Magazine article Mortgage Banking

On the Road Again

Magazine article Mortgage Banking

On the Road Again

Article excerpt

WE CAUGHT UP WITH DAVE STEVENS at his desk during a brief interlude before he hit the road. It was a tiny window in between the National Advocacy Conference held every year by the Mortgage Bankers Association (MBA) in Washington, D.C., and a trip to New York City for the MBA National Secondary Market Conference.

We got 30 minutes of his time on May 1, and we were celebrating (believe me). Actually, we got about 23.5 minutes of his time--the rest he spent scanning emails and websites for breaking news. But we're not complaining, mind you, just saying.

It was a day when secondary market stuff was rapidly hitting the wire. President Obama had just announced his nominee for replacing the acting director of the Federal Housing Finance Agency (FHFA). North Carolina Congressman Mel Watt (with a law degree from Yale) got the nod from the White House to replace FHFA Acting Director Ed DeMarco.

Watt's nomination will have to win Senate confirmation, which is certainly no guarantee in the current legislative environment. Some senators on the Senate Banking Committee had already voiced disappointment over the choice.

But assuming he does win the needed votes in the Senate, he would take the helm at FHFA at a crucial time.

"He's got a huge job on his hands," Stevens, MBA's president and chief executive officer, says. "The next five years are important years for FHFA and will be the most important that the agency has faced in its history. It will determine the role of government in housing finance."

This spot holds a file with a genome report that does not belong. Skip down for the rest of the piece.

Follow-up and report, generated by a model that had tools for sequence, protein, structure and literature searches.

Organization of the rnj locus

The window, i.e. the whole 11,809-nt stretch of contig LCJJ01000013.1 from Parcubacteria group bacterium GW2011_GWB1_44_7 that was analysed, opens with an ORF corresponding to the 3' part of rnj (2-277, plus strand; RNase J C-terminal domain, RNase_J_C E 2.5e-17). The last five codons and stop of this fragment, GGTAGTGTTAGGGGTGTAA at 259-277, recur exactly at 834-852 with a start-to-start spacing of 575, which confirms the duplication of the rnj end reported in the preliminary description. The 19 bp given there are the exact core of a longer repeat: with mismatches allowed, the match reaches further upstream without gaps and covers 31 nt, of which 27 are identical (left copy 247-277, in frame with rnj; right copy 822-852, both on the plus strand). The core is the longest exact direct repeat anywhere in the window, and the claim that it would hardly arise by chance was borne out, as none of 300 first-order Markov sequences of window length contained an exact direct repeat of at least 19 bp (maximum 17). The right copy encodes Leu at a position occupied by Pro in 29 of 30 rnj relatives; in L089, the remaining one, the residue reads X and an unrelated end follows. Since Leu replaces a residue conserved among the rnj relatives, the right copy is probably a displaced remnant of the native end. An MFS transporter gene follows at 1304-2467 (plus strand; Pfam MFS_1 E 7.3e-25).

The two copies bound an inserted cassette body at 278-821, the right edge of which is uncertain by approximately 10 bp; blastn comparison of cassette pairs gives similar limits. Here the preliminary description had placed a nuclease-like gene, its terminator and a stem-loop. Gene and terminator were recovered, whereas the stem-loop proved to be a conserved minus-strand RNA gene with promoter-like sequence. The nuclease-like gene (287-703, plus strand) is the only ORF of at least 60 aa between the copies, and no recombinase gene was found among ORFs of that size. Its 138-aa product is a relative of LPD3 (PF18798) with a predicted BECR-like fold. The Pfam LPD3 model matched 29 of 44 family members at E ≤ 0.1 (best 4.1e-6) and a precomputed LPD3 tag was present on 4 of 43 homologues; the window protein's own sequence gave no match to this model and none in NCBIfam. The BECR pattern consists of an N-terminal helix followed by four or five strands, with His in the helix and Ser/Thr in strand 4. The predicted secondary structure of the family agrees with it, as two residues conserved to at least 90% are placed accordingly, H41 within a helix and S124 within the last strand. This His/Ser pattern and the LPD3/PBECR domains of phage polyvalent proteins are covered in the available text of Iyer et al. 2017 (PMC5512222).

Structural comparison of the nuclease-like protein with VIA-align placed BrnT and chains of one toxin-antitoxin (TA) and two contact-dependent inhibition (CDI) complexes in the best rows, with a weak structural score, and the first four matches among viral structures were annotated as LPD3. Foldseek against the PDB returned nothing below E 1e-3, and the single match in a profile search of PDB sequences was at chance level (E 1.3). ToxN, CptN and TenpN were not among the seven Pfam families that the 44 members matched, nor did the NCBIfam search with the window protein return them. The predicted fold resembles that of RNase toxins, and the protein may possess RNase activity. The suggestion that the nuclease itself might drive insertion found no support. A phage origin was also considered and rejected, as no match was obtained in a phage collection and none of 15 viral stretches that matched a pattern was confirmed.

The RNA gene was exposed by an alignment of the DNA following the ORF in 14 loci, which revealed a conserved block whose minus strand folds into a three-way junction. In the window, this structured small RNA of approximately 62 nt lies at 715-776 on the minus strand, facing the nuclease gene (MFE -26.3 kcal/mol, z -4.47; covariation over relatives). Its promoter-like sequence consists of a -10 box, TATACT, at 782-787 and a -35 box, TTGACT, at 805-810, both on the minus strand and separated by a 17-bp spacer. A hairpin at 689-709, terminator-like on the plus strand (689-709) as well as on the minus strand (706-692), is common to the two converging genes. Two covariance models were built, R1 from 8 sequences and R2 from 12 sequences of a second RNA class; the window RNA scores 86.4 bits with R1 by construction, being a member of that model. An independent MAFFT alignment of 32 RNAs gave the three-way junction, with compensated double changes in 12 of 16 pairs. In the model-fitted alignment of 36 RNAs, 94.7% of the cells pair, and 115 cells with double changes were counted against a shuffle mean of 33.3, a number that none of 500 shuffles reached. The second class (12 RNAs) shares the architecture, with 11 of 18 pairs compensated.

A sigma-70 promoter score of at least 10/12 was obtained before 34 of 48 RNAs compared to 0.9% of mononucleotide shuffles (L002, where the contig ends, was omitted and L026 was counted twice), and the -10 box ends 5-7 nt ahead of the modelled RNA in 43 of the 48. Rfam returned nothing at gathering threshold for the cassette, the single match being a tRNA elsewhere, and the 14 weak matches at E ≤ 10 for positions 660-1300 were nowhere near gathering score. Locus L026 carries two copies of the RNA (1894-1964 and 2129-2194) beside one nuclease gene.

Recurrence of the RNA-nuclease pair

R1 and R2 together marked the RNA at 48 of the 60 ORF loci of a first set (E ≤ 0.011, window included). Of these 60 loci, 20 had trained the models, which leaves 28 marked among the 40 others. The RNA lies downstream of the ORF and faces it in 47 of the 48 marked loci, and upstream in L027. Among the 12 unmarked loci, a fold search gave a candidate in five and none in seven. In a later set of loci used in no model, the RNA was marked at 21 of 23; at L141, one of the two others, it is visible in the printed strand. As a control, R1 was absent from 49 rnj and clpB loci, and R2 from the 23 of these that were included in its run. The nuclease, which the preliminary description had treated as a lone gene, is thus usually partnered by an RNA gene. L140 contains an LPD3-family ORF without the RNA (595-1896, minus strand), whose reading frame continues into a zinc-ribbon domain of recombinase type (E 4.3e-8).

Stevens added, "Having a director who can guide a transition to a functioning, long-term, effective secondary market is obviously a top priority concern for us and for me."

[ILLUSTRATION OMITTED]

Meanwhile, the current acting director of the FHFA already knows he has a very tough job--and he's not getting much love.

A crowd of activists protested outside DeMarco's home on Sunday, April 21. They were demanding that he be replaced by someone who supports principal reduction.

There's nothing quite like housing policy by mob rule.

Back on saner ground, MBA's advocacy conference this year attracted 350 members who were briefed on current commercial and residential legislative and regulatory issues. Stevens says MBA members met with senior officials and lawmakers on both Capitol Hill and in the agencies.

But only a few got to visit 1600 Pennsylvania Avenue. Stevens personally led a group over to a meeting at the White House that included companies hand-selected to represent every type of business model in the industry today. He says there were independent mortgage banks, commercial bank originators, mortgage real estate investment trusts (REITs), builder-owned originators, consumer-direct platforms and community banks.

What came up at the meeting? Stevens says a range of topics, including the issue of constrained access to mortgage credit and the need for more regulatory certainty for mortgage lenders. Lenders also talked about the enormous change-management challenges they are facing due to a batch of new rules all becoming effective in relatively short order.

Stevens says the conversation also included ways to expand the current refinancing market. He says he is confident that a "new form of the [Senator Barbara] Boxer legislation will be introduced in the Senate. …

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